-Keith
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PostPost by: rgh0 » Thu Sep 30, 2004 12:53 am

Keith

I am not sure what sort of cam you have there. The sprint cam had a .360 lift so its not that. With its 1.14 base circle which is less than the standard 1.2 it is obviously a regrind. The question is what profile has been ground onto it ?? I presume by "lobe radius of .281" for the new cam you are measuring the radius of the tip of the cam lobe. The bigger radius compared to the standard cam suggests a longer duration cam. There are many profiles out there with longer duration and the standard .35 lift. Most of them are worthless as you loose torque and dont gain anything significant in the way of power if you run a 6500 rpm rev limit. The twin cam needs lift, it does not need much in added duration.

I would take it to a cam place and get its profile properly checked to positively identify it. If its timing is different in a big way from the standard cam then you need to decide if you want to go down that path or not.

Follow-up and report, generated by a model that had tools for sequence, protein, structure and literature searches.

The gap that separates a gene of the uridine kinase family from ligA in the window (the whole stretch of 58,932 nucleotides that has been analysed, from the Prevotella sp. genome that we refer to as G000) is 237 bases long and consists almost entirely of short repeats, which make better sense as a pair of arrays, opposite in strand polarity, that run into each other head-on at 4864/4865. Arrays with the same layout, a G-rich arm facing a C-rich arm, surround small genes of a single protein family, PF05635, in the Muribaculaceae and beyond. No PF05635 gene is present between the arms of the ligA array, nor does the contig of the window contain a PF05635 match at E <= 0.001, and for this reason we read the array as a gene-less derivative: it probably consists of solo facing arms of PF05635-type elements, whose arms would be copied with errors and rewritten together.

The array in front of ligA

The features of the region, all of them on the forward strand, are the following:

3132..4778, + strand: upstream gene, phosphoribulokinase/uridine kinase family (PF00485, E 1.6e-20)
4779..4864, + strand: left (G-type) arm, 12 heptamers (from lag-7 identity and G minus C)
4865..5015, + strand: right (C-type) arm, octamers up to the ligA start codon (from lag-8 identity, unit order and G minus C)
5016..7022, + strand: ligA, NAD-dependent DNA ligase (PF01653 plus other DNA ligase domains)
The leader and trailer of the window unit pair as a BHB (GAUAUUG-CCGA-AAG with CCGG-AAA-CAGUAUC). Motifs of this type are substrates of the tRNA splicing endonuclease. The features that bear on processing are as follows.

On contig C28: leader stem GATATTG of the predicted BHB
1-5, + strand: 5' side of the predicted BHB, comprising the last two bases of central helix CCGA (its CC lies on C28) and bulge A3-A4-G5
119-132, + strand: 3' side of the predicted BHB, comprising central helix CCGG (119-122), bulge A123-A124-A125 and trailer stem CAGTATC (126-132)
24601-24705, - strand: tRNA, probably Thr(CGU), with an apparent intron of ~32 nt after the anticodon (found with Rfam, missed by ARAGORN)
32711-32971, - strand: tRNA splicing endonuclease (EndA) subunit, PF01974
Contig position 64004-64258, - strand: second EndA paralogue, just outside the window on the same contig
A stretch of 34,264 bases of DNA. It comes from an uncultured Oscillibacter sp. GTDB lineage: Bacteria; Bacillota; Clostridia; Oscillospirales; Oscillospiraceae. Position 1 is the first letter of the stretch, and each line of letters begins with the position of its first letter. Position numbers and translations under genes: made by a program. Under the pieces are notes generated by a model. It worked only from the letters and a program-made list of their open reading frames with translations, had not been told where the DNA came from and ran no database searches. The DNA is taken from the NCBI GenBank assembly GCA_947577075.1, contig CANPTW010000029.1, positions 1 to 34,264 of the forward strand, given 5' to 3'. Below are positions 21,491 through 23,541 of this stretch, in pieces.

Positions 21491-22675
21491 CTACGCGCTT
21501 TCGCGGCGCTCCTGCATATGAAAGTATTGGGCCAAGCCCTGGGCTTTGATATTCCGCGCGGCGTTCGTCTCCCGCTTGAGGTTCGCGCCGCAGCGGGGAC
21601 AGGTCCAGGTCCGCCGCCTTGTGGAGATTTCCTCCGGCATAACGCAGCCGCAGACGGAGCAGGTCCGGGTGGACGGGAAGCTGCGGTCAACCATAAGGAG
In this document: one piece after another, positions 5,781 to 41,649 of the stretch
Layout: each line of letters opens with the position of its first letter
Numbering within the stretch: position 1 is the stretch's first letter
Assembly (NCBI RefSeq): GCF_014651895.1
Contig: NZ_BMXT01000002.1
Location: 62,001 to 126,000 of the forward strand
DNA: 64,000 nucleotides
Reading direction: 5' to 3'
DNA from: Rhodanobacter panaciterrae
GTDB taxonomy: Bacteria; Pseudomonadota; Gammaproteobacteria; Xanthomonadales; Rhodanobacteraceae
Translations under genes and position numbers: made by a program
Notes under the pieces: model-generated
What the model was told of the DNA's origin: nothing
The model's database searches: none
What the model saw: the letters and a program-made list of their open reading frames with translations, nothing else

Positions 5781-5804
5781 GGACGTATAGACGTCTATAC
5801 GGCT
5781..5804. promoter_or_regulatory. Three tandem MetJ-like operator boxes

With any rebuild with new cams, valves or pistons and despite doing all the measuring and analysis of the assembly to determine if they would fit. I would ALWAYS do a dummy assembly and check valve to valve and valve to piston clearances. Its too expensive if it goes wrong to trust what the supposed experts say ! However I would not expect any problems with a .35 lift cam of any reasonable duration when matched to standard valves and and what sounds like a reasonably standard piston, provided the piston deck height is still standard.

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PostPost by: rgh0 » Thu Sep 30, 2004 1:38 am

Keith

Your old cam sounds like a L2 profile which was a common profile 30 years ago.